"Alan Alda and Jimmy Smits Dish on 'The West Wing' Live Debate"
by TV Tattler
November 1, 2005
Executive producer John Wells says there will be no detailed script, but the actors will "have a general sense of where they are going" and have been given "extensive briefing materials so they will be familiar with the issues." Wells plans to solicit question from viewers Sunday through the Internet. There will be only two breaks for commercials.
"We are going out there with a little bit of a net and we will riff a bit, too," Smits said. "What's important is that it's good storytelling - keeping the audience on their toes and keep it topical."
When hearing Wells describe his vision for the debate in a conference call with TV writers two weeks ago, Alda couldn't help but laugh: "John, it sounds like you are saying this will be less-scripted than the regular debates."
Wells said that is indeed the point: "The whole idea about doing the debate was to do a show about where there was actually a debate."
"It's an entertainment show, so I don't want to sound pretentious about it," Wells said, "but it's a very conscious effort on our part to appeal to what should be the better nature of our political life."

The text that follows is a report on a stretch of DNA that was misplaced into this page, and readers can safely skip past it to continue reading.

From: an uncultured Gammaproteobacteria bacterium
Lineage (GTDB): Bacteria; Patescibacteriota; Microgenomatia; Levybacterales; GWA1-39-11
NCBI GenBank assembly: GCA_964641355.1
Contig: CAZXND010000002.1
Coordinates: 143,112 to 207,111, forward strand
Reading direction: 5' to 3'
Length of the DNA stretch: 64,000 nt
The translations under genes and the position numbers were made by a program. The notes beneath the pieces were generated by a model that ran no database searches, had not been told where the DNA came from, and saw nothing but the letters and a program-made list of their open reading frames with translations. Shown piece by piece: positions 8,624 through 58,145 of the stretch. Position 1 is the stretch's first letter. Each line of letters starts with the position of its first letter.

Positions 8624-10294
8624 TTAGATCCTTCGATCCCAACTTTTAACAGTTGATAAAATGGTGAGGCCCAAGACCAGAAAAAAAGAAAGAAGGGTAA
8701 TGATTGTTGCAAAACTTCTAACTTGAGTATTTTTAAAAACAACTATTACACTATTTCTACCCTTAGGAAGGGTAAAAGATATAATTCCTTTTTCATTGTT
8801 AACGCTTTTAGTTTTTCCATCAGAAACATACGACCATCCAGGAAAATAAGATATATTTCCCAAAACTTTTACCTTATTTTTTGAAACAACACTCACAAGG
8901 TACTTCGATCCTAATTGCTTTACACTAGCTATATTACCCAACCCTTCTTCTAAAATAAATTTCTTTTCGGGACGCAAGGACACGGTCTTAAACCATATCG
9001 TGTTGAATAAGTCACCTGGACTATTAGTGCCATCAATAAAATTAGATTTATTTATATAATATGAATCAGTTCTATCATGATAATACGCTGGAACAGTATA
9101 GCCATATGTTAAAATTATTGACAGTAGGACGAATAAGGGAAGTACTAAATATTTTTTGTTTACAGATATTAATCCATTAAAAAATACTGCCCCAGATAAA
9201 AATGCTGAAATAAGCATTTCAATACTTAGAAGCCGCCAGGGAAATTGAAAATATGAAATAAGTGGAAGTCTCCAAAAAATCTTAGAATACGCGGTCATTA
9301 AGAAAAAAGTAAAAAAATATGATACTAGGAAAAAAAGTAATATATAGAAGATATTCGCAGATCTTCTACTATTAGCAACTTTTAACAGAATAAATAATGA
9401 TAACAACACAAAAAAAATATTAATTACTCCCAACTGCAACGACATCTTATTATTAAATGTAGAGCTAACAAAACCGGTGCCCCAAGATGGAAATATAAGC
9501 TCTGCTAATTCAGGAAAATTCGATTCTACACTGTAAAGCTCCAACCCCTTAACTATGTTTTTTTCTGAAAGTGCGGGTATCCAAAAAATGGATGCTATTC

Smits said, "Alan wants to cream me out there," and he even seemed to taunt Alda with what sounded like a left-handed compliment: "Alan is slick of tongue" and has been "talking for decades."
"Of course, I want to win the debate," Alda said. "But you do have to go along with the story. If the story doesn't actually have Richard III winning the battle, no matter how much you want him to win, he doesn't win. In a debate like this - where you are live on camera - if you don't win, it's like something's wrong with you.... So it gets even more personal."